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Dyscalculia: How to know if your child suffers from it?


Dyscalculia is a learning disability that impairs an individual’s ability to understand and process numerical information in a typical way. Common symptoms of dyscalculia include difficulty in calculation, fact, number sense and mathematical reasoning. It also includes difficulty in linking numbers and symbols to amounts and directions, making sense of money or telling time.

Symptoms of dyscalculia?


The problem with maths can vary depending on what is causing it and what is the age of your child. Here are some symptoms to look out for at different levels of schooling to identify if your child has dyscalculia.

Preschool

– May find it hard to learn to count by 10s, up to 100

– Can have trouble counting each object in a group

– Difficulty in understanding that a number can be used to describe any group with the same amount. For example, not knowing that 5 can be used for a group of 5 fingers, 5 bananas, 5 dogs etc.

– Difficulty in writing and recognising numbers up to 20

– Skipping numbers while counting

– Inability to recognise patterns and sort items by size, shape or colour

Primary school


– Difficulty in counting 2s. 5s and 10s

– Unable to do basic mathematical calculations mentally

– Difficulty in recognising basic mathematical signs such as plus and minus

– Difficulty in understanding the concept of more than or less than

– Struggles in remembering basic maths facts like 10+10 = 20

– Does not make the connection between related math fact or fact families like 5+5=10, so 10-5= 5

– Has trouble recognising numerals

– Does not understand left and right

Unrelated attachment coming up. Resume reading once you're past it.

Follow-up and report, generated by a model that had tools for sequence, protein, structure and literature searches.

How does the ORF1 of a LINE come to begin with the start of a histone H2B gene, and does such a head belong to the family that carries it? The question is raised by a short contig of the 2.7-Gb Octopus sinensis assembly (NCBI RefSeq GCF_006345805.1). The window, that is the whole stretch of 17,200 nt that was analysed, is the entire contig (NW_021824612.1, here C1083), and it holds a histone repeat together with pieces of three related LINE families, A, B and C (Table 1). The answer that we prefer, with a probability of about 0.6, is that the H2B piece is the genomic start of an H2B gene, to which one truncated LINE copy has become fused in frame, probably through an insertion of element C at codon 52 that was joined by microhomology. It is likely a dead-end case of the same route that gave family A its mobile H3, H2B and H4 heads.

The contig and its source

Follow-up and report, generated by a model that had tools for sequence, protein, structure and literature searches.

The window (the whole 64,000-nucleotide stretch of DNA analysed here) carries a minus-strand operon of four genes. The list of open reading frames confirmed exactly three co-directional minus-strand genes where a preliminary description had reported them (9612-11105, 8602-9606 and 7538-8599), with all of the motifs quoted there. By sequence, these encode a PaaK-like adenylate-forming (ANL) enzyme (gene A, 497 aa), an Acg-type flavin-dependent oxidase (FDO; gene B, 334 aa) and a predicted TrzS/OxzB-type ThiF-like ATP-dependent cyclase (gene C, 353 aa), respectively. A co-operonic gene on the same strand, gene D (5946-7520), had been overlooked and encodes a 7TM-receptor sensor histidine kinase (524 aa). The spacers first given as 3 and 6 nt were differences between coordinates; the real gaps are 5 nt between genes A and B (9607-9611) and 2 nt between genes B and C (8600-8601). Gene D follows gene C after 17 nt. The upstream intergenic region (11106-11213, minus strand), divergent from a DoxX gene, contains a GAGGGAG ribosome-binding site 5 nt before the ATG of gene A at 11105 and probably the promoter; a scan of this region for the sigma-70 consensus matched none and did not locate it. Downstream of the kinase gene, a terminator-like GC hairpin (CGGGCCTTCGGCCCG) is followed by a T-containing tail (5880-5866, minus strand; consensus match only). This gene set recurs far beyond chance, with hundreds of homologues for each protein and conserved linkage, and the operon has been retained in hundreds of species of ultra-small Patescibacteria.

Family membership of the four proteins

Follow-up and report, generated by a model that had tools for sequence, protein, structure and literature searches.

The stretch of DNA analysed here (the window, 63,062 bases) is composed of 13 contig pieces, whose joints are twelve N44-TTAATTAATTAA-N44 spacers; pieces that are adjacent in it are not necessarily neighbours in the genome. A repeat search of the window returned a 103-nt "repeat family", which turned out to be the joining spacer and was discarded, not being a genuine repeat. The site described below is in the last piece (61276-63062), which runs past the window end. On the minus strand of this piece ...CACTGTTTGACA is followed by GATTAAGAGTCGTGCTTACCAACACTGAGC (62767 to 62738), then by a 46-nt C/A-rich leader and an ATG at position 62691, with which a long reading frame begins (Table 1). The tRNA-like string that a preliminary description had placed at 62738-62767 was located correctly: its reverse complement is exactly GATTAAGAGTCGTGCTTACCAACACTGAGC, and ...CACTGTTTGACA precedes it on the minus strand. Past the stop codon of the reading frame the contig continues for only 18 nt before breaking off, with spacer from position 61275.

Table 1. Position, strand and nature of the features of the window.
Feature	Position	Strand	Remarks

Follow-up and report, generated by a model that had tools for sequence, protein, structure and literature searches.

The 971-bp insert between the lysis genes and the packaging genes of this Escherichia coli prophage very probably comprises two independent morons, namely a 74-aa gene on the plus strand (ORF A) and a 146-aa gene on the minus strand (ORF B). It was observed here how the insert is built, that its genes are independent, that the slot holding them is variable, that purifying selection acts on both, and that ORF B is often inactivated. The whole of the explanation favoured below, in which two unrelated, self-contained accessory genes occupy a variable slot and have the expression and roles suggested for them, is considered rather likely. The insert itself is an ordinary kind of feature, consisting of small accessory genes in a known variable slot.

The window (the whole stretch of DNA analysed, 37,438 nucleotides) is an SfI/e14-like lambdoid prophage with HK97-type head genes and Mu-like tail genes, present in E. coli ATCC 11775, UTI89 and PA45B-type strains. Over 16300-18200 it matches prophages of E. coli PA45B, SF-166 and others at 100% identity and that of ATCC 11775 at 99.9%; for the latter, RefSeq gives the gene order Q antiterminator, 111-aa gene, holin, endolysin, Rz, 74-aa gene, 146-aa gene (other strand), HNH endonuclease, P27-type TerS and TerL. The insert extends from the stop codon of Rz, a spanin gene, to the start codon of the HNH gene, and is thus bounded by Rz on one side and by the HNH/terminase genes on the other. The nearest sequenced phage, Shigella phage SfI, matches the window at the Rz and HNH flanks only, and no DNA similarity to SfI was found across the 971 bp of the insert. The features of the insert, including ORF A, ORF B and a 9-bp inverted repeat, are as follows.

– Avoids playing games that involve strategies like checkers or soduku.

High school


– Struggles in using math in real life, for example doubling the recipe for making it for more people.

– Trouble in understanding maps and charts

– Hesitant in doing activities that require a good sense of speed, distance like running or learning to drive.

How to diagnose dyscalculia


Begin by talking with your child’s teacher. She will tell you how good your child is doing in maths. Every child with dyscalculia has different strengths and weaknesses, a competent professional will recognise this. Common tests for dyscalculia include:

Counting


One of the best tests you can do is ask your child to count backwards.

Drawing shapes

Visual-spatial skills play a huge role in math. Copying or drawing shapes from memory is a good way to measure a child’s challenges in this area.

Talk to your child’s teacher


Your child’s teacher can be the best person to share what she has observed in the class. You can discuss with the teacher the number of skills your child should learn by the end of school. This can tell you what your child needs help with and how far behind he is.

Talk to a specialist


Educational psychologists are trained to give specific tests that look at how children learn and think. The test can help pinpoint what exactly your kids need help with.



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